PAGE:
October 1, 2018 Volume XXVIII, No. 07

 

When an athlete faces one injury after another, recovery is an ongoing process. But as this athletic trainer discovered, open communication and consistent check-ins can make the journey smoother.

By Katherine Lorens

Some athletes are fortunate to go their entire careers without so much as a muscle strain, while others seem constantly bitten by the injury bug. When working with the latter group, a deft approach is required to help them navigate setback after setback.


 

Dedicated athlete monitoring during the season allows Stanford University women’s volleyball to reach higher in the weightroom and make strength gains.

By Tyler Friedrich

The best place to start when designing and implementing an in-season training program is having a clear-cut philosophy. This will guide you as you integrate practice and game schedules, lay out exercise selections, and plan your periodization model.


 

Blood flow restriction therapy and training has emerged in recent years as one of the most talked about sports medicine practices of the decade. With what seems like endless benefits, it’s no surprise that there are a number of different ways to approach this trend.

By Nicole Sorce


 

Carolina Panthers strength coach Joe Kenn created the Tier System of strength training to develop athletes from head to toe. To do this, the plan relies on ranked exercises and a total-body approach.

By Joe Kenn

During the infancy of our profession, strength coaches often came from one of three backgrounds—weightlifting, powerlifting, or bodybuilding. As a result, they trained athletes according to the discipline they were familiar with.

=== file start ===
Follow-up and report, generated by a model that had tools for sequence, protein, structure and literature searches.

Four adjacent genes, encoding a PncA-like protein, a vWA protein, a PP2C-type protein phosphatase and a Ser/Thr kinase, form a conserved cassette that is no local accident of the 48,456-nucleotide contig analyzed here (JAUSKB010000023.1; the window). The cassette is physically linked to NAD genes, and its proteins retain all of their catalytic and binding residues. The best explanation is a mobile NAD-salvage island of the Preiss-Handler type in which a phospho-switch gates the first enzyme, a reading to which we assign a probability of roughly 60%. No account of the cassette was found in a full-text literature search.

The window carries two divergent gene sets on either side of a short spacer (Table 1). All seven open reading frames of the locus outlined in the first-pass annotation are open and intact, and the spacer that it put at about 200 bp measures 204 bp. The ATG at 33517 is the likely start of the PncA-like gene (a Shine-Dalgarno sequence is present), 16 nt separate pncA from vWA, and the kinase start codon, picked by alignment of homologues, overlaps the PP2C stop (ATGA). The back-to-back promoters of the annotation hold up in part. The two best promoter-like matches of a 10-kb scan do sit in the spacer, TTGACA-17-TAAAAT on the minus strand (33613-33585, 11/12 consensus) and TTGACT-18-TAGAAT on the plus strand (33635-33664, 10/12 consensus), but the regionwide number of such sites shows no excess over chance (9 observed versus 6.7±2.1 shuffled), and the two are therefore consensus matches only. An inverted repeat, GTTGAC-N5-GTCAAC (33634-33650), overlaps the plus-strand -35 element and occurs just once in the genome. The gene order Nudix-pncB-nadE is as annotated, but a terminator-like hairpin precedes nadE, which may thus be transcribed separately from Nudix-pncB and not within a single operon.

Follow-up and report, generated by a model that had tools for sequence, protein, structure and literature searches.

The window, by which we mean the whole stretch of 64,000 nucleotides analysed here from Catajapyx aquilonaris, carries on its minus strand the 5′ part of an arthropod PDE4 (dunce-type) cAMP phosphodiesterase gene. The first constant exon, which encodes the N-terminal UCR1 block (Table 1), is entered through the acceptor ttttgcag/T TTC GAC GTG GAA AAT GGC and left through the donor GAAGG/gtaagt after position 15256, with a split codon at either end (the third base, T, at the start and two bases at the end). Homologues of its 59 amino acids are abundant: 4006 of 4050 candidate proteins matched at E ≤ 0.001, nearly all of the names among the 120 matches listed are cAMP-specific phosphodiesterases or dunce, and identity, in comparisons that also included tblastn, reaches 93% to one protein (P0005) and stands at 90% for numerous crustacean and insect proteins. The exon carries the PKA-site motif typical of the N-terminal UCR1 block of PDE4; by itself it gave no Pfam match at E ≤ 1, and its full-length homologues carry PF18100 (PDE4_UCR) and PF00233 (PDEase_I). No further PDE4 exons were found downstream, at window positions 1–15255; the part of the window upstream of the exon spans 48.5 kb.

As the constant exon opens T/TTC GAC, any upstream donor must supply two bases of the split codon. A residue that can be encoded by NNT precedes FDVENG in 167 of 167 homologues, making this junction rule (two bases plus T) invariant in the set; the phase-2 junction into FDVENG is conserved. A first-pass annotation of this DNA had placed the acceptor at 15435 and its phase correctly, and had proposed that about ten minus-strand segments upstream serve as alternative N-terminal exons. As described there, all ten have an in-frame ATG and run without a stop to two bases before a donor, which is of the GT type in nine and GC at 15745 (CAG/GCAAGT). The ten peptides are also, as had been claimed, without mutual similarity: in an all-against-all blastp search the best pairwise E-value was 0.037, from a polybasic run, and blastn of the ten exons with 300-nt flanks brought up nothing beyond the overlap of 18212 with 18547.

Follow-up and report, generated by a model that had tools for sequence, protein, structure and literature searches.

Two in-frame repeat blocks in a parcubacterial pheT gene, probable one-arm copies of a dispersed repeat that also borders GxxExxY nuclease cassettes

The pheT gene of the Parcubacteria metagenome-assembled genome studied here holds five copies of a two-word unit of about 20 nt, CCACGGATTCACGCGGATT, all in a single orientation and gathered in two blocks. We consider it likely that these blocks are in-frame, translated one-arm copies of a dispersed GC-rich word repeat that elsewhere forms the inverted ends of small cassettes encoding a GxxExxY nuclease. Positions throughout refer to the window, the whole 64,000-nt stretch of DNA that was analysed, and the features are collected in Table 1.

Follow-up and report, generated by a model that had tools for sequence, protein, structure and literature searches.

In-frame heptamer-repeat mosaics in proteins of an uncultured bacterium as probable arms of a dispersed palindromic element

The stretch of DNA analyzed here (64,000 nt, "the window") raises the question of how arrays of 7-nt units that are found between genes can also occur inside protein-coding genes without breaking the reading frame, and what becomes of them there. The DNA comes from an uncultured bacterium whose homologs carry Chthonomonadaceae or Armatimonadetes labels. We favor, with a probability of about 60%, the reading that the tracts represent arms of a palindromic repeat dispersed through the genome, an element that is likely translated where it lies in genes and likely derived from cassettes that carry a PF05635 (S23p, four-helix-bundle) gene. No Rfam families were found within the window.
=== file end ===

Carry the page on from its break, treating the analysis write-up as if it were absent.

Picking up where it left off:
Sweat testing can be a springboard for a comprehensive approach to hydration. Here’s a look at the next steps to take after the data is processed.

By David Stern

So, you’ve run the tests, and you have the results. Now what? Sweat testing analysis can provide lots of valuable information about an individual athlete’s hydration needs. But this information is useful only if you know what to do with it.


 

Hospital-sponsored performance combines for teenage athletes have become common. However, Thibodaux (La.) Regional Medical Center recently put a new spin on the concept by holding the first-ever Female Athlete Expo on April 12, which featured testing, talks, and empowerment all geared to young women.


 

State schools are used to thinking locally—after all, a number of their recruits are often found close to home. The University of Wisconsin has discovered there are benefits to looking nearby in other areas, too—namely nutrition. By fueling athletes from its own backyard, the athletic department has seen a number of positive results.


 

After a middle school football player was knocked unconscious during a game at Clover (S.C.) High School last October, both an athletic trainer and emergency medical services (EMS) responded. But they were at odds over what to do next. The paramedics insisted on removing only some of the player’s equipment, while the athletic trainer wanted to either remove all or none of it.


Stay at the Top of Your Game!
x
Receive articles like this by signing up for our newsletters